Nucleotide skews may also arise from biased mutational processes associated differentially with the leading and lagging strands during replication (see e.g. Touchon et al. 2005). If in the germline a given gene is consistently passaged by the replication fork in a particular direction then a net skew could result. Definitively rejecting this possibility without knowledge of origins of replication in germline is difficult. Quite how this model would account for a 5′–3′ decline in skew through a gene being particular to housekeeping genes is not, however, obvious. Moreover, that proximate genes are more dissimilar in skew, controlling for physical distance, when they differ in tissue specificity suggests that replication cannot be the only source of AT skew.

In order to explain the overall correlation between AT skew and expression breadth such a replication model would require broadly expressed genes to be more likely to co-orient with the replication fork. When replication fork direction is inferred from origins that have not been experimentally verified (Huvet et al. 2007), such an effect has been claimed in mammals. However, where origins have been experimentally verified the same trends are not observed (Necsulea et al. 2009a). While we do not know the location of origins, for broadly expressed genes to co-orient with the replication fork more commonly than expected, neighbouring pairs of such genes would need to be co-oriented (i.e. on the same strand) more often than expected. When we consider pairs of adjacent genes that both have either a low or high tissue specificity, defined as being in the lower or upper quartile for tau, we find that low-tau pairs are less likely to be co-oriented than expected (713 not co-oriented; 280 co-oriented), whereas high-tau pairs are more likely to be co-oriented (495 not co-oriented, 616 co-oriented; χ2 = 158.1115, df = 1, P < 2.2 × 10−16). This is consistent with the observation that divergently transcribed gene pairs in D. melanogaster are mostly housekeeping (i.e. broadly expressed) genes (Yang and Yu 2009).

The above observations suggest that replication does not account for the association between tissue specificity and AT skew. Further, Touchon et al. (2004) argue that, even if transcription and replication were co-oriented, in order to produce the observed sharp transitions in averaged skew at gene extremities, replication would have to terminate abruptly at 3′ gene ends. There is no obvious reason why this should be so. Moreover, that 5′ and 3′ introns differ in skew but only in broadly expressed genes is hard to account for in terms of replication-related mechanisms.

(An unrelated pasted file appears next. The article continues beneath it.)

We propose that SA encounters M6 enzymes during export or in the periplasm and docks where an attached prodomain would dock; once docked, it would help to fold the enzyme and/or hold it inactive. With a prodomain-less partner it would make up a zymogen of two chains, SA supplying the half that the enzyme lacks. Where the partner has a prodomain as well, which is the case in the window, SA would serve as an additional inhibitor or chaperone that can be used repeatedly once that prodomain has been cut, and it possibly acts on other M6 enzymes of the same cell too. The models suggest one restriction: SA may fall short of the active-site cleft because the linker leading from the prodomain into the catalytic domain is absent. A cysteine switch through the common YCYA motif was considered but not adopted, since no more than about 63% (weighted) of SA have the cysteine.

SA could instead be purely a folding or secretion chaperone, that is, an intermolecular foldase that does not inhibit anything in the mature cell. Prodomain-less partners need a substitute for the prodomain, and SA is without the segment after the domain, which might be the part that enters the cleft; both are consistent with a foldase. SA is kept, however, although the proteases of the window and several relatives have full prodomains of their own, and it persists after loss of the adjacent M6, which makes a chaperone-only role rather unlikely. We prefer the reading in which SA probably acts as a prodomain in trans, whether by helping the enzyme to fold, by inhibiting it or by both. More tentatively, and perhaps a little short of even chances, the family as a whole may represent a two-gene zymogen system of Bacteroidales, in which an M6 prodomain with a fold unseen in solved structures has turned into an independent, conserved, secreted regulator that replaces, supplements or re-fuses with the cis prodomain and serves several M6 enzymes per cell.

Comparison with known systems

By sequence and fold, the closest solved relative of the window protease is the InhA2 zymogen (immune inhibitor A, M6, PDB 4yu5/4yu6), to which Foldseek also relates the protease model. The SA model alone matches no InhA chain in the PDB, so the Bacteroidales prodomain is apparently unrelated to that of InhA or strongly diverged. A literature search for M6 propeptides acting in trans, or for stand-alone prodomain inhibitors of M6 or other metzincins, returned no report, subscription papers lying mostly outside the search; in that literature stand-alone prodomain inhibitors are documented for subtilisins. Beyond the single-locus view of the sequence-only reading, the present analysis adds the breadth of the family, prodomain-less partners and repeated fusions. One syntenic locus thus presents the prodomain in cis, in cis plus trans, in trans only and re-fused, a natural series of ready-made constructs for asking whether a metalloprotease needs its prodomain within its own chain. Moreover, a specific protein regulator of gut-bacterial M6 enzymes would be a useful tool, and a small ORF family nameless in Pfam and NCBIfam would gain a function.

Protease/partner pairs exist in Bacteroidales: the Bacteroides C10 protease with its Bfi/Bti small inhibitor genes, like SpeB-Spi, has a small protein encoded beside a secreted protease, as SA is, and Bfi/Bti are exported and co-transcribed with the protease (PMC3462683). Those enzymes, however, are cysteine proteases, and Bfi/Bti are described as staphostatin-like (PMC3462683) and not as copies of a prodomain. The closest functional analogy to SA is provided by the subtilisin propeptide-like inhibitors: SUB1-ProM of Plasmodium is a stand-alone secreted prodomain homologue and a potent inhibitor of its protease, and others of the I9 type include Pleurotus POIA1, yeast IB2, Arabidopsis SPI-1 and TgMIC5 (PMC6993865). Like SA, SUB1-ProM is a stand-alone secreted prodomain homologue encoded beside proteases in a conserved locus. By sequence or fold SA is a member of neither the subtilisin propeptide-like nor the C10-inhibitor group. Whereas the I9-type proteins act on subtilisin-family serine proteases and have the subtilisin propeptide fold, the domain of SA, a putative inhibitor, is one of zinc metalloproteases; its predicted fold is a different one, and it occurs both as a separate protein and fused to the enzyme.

Additionally, we can perform tests comparable to those above. If nucleotide skews are largely due to germline transcription and not effects of replication, the difference in intronic skew between any given gene and its neighbour should, all things being equal, be no different than the difference between the same gene and a random gene on the same chromosome. In contrast, if a gene’s skew is owing to a replication fork going through it more in one direction than the other, then we should also expect neighbouring genes to show similar skew levels, assuming the fork passes through both in the same direction.

In order to determine whether this is the case, the median difference between the weighted (by length) average intron skew of each gene and its neighbour was calculated. If transcription has no effect on skew and if all skew was the result of replication, then which strand a gene resides on is irrelevant. Thus, for genes on opposite strands, the skew of the sequence on the complementary strand was multiplied by −1 to reflect any mutational process on a given DNA strand, rather than reflecting transcriptional orientation. Overlapping genes were removed as above. Genes with no known position in the genome assembly were also excluded from the analysis. Gene order was then randomised 10,000 times, treating each chromosome and eu- and heterochromatic sequences separately.

There was no significant difference between the median (weighted by the number of introns in each chromosome class) difference in skew between genes for the randomised data and the median observed in the actual genome for AT (observed median 0.0663, simulated median 0.0674, P = 0.1255). This is also the case if only those sets of adjacent genes that are below the third quartile for distance between midpoints (<23.580 kb) are compared to the randomised differences in AT skew (observed median 0.0711, P = 1). Hence, the lack of similarity between adjacent genes cannot be explained by the presence of genes that are labelled “adjacent” but that actually reside relatively far apart (and potentially in different replication blocks). However, if we restrict analysis to those gene pairs on the same strand (and hence putatively affected in the same way by transcription and replication) we see a weak but significant difference (observed median 0.0652, P = 0.0126).